repair, i guess mine is only worth about £100 but it does for me :smile:
  13. Jun 29, 2006 #12


    User Avatar
    Science Advisor
    Gold Member

    Tell me where you live and I'll make sure it's uneconomical to repair! :rolleyes:
    Mother just spent £300 repairing the family car, which is twice what it's worth, but they couldn't replace it with anything better for that.
  14. Jun 29, 2006 #13
    best deals are pre-broken cars
    ones the owner has given up on

    IF you can fix it your self and problem is minor

    I got a porsche 944 for very cheap because it wouldnot start
    a simple wire was broken and need only reconnection
    total cost a foot of tape on the spliced wire
    another car a volvo was found with a bad starter that was a quick
    R/R and runs fine

    trick is to listen to the owner carefully and find cars with good service records that have minor problems and make a deal without payment BEFORE
    you try to fix the car so you can walk or run away if more problems are found but close the deal if your repair is quick and eazy
  15. Jun 30, 2006 #14


    User Avatar
    Science Advisor
    Homework Helper

    Common sense solution is just to start observing how often you see a particular model of older car. It's amazing how many of those old Dodge Dynastys, Plymouth Reliants, etc are still driving around town. You see a lot of old Nissans still going, as well.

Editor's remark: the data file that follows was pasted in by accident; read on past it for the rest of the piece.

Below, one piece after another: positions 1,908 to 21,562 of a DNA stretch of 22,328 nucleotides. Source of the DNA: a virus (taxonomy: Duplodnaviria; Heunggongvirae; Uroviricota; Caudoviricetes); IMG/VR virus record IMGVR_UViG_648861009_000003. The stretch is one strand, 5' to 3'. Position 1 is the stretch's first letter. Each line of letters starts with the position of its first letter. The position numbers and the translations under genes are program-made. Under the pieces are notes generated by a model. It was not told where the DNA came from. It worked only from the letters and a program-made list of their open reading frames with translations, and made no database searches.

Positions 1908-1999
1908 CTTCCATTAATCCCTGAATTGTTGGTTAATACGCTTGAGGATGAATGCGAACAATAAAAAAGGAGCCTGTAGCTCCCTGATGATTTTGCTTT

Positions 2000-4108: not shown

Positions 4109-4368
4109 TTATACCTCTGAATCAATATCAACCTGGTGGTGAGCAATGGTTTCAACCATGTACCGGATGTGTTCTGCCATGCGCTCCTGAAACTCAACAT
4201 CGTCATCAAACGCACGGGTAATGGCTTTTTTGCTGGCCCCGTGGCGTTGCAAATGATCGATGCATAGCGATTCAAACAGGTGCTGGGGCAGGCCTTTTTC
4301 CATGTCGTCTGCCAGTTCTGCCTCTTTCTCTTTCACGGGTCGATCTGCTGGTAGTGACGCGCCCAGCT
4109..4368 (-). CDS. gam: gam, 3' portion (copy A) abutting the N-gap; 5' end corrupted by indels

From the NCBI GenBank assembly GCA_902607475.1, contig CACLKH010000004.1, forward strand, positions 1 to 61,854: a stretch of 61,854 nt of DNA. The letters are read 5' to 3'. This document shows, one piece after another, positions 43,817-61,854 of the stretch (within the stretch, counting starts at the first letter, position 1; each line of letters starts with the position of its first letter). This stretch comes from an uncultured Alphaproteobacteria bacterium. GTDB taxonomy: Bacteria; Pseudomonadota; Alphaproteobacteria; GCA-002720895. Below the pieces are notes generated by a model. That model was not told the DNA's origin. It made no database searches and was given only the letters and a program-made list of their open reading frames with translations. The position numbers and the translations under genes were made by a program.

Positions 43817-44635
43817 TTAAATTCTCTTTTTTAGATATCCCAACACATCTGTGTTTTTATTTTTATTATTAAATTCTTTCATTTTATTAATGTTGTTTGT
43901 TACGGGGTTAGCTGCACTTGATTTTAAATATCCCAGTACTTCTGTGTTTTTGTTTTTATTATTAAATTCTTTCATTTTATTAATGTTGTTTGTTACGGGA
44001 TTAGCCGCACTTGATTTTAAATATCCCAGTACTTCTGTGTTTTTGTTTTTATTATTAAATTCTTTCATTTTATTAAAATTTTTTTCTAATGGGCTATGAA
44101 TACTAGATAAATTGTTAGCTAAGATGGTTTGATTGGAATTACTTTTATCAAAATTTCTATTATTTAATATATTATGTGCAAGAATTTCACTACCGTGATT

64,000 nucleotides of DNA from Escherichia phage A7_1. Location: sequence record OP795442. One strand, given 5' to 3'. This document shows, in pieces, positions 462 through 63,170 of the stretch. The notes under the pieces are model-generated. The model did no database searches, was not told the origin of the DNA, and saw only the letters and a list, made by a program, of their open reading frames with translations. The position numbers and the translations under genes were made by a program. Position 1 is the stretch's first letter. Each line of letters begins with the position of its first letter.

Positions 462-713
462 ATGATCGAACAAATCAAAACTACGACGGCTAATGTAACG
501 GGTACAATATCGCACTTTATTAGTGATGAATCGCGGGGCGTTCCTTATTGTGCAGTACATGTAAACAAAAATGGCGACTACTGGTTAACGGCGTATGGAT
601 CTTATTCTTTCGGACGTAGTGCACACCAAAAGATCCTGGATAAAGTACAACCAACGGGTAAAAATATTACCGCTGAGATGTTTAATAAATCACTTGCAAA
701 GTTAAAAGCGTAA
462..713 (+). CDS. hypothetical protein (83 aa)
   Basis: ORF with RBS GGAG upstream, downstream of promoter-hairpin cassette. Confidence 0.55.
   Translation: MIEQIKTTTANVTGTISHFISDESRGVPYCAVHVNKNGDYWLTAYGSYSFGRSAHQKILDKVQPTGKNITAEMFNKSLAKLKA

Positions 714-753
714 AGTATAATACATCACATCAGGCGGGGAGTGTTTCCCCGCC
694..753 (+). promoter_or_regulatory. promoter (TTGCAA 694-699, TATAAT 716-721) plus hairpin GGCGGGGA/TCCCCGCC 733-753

My daughter's first car was an '89 Nissan Sentra that she bought in 2002 for $1200. Standard shift, no frills, still running (power everything is nice, but only till they start breaking). Only repairs in four years were a clutch (once again, she benefited - the clutch was only $400 as opposed to the cost of replacing a clutch on a lot newer cars) and a starter for around $30. Doesn't run nearly as good since she moved out of the house though - I never get a chance to check it out for her and it's gotten to the point that it runs really bad.

    Saturns have pretty good maintenance costs as well, plus low insurance rates compared to other cars.

    I bought a '91 Jeep in 2001 for around $5000. Still runs great. I almost gave it to my daughter a couple of years ago. In fact, actually I did. I had to fly to Ohio so I could take it back. One of those cars where you'd really like to get a newer car, but just can't quite give it up just yet. Maintenance on it hasn't been as cheap, though. The fuel pump died. Incredibly, that's a $500 repair job, since the pump is located inside the fuel tank. Worse yet, the new fuel pump only lasted a year. Since you can actually see where the fuel pump goes into the fuel tank and it's so invitingly available, I had to try replacing the second one myself. That dropped the cost to about a $100. The electrical wires to the pump sit right in the gasoline in the tank, so you feel like you've just assembled a bomb. Makes it kind of exciting the first time you start it up. It adds a couple extra option to 'Yes, it works! :biggrin: ' and 'Damn, it still doesn't work! :mad: '. You also get to say, 'Yes, I didn't die! :biggrin: ' or 'Is it foggy around here or is it just me?' o:) or 'Uh, it's kind of warm around here, isn't it?' :devil: .
  16. Jul 4, 2006 #15
    Thanks for all the help and advice. I think I've found what I've been looking for.
Know someone interested in this topic? Share this thread via Reddit, Google+, Twitter, or Facebook

Have something to add?

Similar Discussions: Used Car
  1. Used cars (Replies: 25)

  2. Cars (Replies: 15)

  3. Flying car (Replies: 16)

  4. Buying new car vs used (Replies: 45)